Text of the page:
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Lectures on Proverbs Chapters 14 Thru 16

Lectures on Proverbs Chapters 14 Thru 16

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Published by: GLENN DALE PEASE on Aug 17, 2013
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EDITED BY HIS SO,THE REV. J. S. WARDLAW, A.M.LECTURE XXXV.Prov. xiv. 25—31."A true witness delivereth souls: but a deceitful witness speaketh lies. Inthe fear of the Lord is strong confidence ; and his children shall have a place of refuge. The fear of the Lord is a fountain of life, to depart from the snares of death. In the multitude of people is the king's honour : hut in the want of people is the destruction of the prince. He that is slow to wrath is of greatunderstanding: but he that is hasty of spirit exalteth folly. A sound heart isthe life of the flesh : but envy the rottenness of the bones. He that oppresseththe poor reproacheth his Maker: but he that honoureth him hath mercy on thepoor.""A true witness delivereth souls" The words might berendered with greater propriety, and wider comprehensive-ness — " a true witness saveth lives." But it may he said,and said justly, that a faithful testimony does not alwayssave life. Such a testimony may evidently condemn a manas well as acquit him. It depends entirely, not on thefidelity of the witness, but on the facts of the case. If the facts are criminatory, a true witness must tell them asthey are — " the truth, the whole truth, and nothing but thetruth," — and the fault rests not with him that his testimonywarrants a sentence of condemnation. The duty of givingsuch evidence may often be most painful; but the "truewitness" must submit to this: the truth must be told. — Andwhile true testimony may condemn, false testimony mayacquit; while the former may destroy life, the latter maysave it. Many a time has a false and perjured witnessbrought off a pannel that was guilty and deserved the pun-ishment pronounced by the law against the offence charged.
II. A2 LECTURE XXXV.It is probable, therefore, that the intended antithesis re-lates, not so much to the actual fact of truth saving andfalsehood condemning, as to the dispositions and intentionsof the faithful witness on the one hand, and the lying wit-ness on the other. The faithful witness delights in givingtestimony that will save life — that will be salutary andbeneficial to his fellow-creatures. The lying witness will, ingeneral, be found actuated by a malevolent and wicked pur-pose, having pleasure in giving testimony that will go tocondemn the object of his malice. The sentiment will thusbe, that truth is most generally found in union with kind-ness of heart, and falsehood with malevolence. And this isnatural ; the former being both good, the latter both evil ;falsehood more naturally akin to malice, and truth to love." A deceitful witness" is evidently not intended to be under-stood of a witness who deceives for the good of others.A man may occasionally deceive for such a purpose; butthis is the exception, not the rule. The deceitful man de-ceives for his own advantage: — while the man of truthregards not the results, whether to others or to himself;but, be they painful or pleasant, considers only what fidelityand veracity demand of him : not things as he may wishthem, but things as they are*Verse 2 6. " In the fear of the Lord is strong confidence ;and his children shall have a place of refuge."He who fears God, according to the revelation He hasgiven of himself, may well have " strong confidence." Thatin which he confides is all infinite: — the truth, the love,the wisdom, the power of his covenant God! What con-fidence shall be strong, if this is not strong? The Godwhom he fears and loves (for in the Scripture sense he can-not fear without loving) has given, in the name of his Son," exceeding great and precious promises ; " — precious inthemselves, in the fulness of blessing, for time and for eter-nity, which they contain; precious, as given by divinefidelity; precious, as pledged and made sure of fulfilment* Comp. chap. vi. 19; xii. 17; xiii. 5.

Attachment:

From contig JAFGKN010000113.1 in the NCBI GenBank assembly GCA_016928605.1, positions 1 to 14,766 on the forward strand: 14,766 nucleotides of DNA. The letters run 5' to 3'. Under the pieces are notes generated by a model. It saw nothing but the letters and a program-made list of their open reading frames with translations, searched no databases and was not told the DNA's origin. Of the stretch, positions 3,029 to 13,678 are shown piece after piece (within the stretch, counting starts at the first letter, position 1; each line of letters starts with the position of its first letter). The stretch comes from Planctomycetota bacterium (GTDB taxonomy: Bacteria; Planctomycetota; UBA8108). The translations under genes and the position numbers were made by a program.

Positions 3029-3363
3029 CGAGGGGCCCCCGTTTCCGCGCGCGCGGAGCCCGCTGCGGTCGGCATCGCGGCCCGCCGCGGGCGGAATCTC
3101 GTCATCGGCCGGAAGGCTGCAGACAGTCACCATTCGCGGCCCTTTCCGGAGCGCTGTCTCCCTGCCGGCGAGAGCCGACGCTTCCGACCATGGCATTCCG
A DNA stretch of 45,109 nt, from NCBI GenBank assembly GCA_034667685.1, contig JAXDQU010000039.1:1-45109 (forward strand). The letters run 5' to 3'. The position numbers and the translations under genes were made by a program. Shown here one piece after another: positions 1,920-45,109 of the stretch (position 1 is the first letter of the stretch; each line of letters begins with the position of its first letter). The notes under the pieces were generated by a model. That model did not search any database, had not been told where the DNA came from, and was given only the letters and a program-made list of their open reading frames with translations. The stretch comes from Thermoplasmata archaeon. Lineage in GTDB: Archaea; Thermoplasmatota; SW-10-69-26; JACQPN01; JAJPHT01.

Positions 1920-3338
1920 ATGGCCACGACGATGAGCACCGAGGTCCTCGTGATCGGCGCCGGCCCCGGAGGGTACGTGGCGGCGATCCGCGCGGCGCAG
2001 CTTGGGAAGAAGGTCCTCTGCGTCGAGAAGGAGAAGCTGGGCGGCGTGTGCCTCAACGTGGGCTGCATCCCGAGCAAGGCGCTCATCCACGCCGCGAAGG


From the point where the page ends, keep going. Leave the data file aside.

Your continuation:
PROVERBS XIV. 25—31. 3by all tlie resources of divine wisdom and divine power.Whatever the love of God has induced Him graciously topromise, no power or combination of powers in existencecan stay from being done.The psalms abound with expressions of confidence, corre-sponding with the phraseology of the latter part of the verse — " And his" (the Lord's) "children shall have a place of refuge." This does not mean merely that God in His pro-vidence will see to their protection and preservation in sea-sons of danger and calamity — true though that is, but that,to them, as His children, He himself will be " as a hiding-place from the storm, and a covert from the tempest ; " sothat they shall fully realize the security ; and, in the enjoy-ment of " perfect peace," say with the prophet, " The Lordis good, a strong hold in the day of trouble ; and he know-eth them that trust in him," JSTah. i. 7.What is before said (chap. xiii. 14.) of "the law of thewise" is in next verse said of " the fear of the Lord." " Thefear of the Lord is a fountain of life, to depart from thesnares of death."There is a perfect and beautiful harmony between the two." The law of the wise," is the great practical principle bywhich their whole character is formed and their whole con-duct regulated, and that principle is " the fear of the Lord."And if the "law of the wise" be interpreted in the formerpassage, more generally, of the divine word, which thewise take as the " light of their feet and the lamp of theirpath," the authoritative guide of all their ways, — what, westill ask anew, is the leading lesson of that very word % Is itnot that the fear of the Lord is wisdom, and the beginningof wisdom 1 ? Is not the very purpose of God's word to revealHim to guilty men in the appropriate character of the Godof their salvation? And is not the very purpose of themanifestation of God's mercy to rectify the state of theheart toward Him? Is there not "forgiveness with Him thatHe may be feared?"ow " this fear of the Lord is a fountain of life, to departfrom the snares of death." From these it effectually pre-